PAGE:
Re: [codec] Authors and disclosures, regarding Last Call: <draft-ietf-codec-opus-12.txt>

"Kevin P. Fleming" <kpfleming@digium.com> Wed, 02 May 2012 14:39 UTC

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Date: Wed, 02 May 2012 09:39:37 -0500
From: "Kevin P. Fleming" <kpfleming@digium.com>
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Subject: Re: [codec] Authors and disclosures, regarding Last Call: <draft-ietf-codec-opus-12.txt>
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On 05/02/2012 08:39 AM, Jean-Marc Valin wrote:
>
>
> On 12-05-02 08:44 AM, Kevin P. Fleming wrote:
>> While it's true that SILK was available at that time, it was only
>> available in binary form embedded inside products delivered by Skype,
>> and those products heavily obscure and encrypt their behavior. It seems
>> unlikely that anyone who had IPR in any of its methods would have been
>> able to determine that SILK was potentially infringing before its source
>> code was made available. I would consider the 'first public disclosure'
>> date to be the first time the source code was published.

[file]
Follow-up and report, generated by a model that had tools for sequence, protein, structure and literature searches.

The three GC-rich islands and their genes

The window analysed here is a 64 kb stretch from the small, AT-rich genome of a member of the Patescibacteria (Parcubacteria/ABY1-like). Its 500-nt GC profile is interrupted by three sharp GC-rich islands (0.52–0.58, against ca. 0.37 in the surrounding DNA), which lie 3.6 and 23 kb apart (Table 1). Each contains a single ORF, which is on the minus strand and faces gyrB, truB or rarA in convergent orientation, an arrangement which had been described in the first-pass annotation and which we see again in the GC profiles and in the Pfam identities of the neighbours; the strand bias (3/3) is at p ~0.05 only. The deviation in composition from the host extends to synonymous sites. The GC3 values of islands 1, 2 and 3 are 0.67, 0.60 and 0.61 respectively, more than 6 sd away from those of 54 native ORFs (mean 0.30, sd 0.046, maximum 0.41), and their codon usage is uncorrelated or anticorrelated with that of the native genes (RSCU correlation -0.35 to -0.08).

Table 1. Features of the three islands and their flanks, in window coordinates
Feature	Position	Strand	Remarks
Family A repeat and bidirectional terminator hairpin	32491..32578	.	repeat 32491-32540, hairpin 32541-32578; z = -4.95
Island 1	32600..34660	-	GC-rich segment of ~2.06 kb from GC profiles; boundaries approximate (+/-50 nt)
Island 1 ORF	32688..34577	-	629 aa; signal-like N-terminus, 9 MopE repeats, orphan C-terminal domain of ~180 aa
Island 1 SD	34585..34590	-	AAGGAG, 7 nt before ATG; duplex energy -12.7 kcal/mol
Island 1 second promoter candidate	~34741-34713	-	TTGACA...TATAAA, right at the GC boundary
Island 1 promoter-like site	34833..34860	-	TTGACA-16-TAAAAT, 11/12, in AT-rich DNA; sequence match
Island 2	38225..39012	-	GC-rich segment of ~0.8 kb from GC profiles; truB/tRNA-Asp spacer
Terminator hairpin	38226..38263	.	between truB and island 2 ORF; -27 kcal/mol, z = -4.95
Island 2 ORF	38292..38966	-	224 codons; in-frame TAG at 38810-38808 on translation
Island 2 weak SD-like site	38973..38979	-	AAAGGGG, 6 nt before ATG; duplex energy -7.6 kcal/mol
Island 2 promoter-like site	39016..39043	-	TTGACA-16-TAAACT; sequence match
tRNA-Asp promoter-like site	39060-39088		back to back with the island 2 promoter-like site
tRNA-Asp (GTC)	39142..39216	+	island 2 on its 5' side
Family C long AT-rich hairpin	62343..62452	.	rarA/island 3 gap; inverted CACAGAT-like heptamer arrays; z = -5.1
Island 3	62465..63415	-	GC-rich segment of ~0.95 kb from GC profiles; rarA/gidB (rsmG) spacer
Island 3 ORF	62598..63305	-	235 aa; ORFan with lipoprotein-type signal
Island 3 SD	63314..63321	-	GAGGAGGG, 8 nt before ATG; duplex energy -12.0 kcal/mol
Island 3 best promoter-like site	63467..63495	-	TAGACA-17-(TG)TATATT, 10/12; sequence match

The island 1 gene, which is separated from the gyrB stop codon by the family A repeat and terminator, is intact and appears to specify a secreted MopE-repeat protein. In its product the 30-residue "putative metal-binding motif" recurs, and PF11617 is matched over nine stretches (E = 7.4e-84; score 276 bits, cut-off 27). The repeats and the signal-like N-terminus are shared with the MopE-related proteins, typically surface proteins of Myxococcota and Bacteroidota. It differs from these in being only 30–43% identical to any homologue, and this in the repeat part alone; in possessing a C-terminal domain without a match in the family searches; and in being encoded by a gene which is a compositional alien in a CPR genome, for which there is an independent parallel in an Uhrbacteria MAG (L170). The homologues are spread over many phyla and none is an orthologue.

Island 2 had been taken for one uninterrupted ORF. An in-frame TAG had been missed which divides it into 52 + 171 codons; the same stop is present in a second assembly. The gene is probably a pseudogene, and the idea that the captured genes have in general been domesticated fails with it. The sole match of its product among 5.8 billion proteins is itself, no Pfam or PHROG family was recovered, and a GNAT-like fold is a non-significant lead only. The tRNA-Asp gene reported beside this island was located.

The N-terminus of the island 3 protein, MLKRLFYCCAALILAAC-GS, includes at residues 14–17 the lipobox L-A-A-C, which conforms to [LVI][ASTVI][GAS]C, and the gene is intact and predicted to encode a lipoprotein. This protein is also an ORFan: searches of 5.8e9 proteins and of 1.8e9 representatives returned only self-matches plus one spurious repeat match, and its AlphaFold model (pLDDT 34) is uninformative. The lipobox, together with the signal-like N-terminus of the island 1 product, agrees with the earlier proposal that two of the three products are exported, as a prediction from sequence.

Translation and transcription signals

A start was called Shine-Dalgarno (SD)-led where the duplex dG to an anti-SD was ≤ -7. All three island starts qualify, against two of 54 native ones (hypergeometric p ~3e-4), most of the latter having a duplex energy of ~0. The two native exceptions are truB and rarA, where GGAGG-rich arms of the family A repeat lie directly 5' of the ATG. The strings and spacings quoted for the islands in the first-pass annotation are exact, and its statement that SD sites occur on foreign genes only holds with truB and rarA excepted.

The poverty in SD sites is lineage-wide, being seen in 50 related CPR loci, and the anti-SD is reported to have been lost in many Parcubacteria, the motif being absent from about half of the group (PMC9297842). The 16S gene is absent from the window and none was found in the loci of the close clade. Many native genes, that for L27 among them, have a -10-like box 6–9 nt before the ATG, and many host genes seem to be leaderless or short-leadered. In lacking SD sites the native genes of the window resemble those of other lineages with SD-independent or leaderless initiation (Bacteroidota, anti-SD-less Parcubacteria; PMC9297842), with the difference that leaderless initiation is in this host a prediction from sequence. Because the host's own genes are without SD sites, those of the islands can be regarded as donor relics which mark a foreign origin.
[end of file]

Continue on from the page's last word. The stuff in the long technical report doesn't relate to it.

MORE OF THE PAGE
>
> As far as I can tell, the actual source code was released as open source
> in March 2010, though it may have been available before that to
> developers willing to sign some agreement. Also, fortunately prior art
> gets established based on the time Silk was available even in obfuscated
> form.

In the legal sense that is absolutely true, sure. The OP's comment 
though was that he wasn't sure whether potential IPR holders had had 
enough time to determine whether SILK/OPUS may be infringing on their 
IPR. In that case, the extra year of SILK availability in binary-only 
obfuscated form likely won't make much difference.

Also, we were one of the licensees of SILK prior to the source code 
publication (although we never released any products using it) and the 
codec was only offered to us in binary form.

-- 
Kevin P. Fleming
Digium, Inc. | Director of Software Technologies
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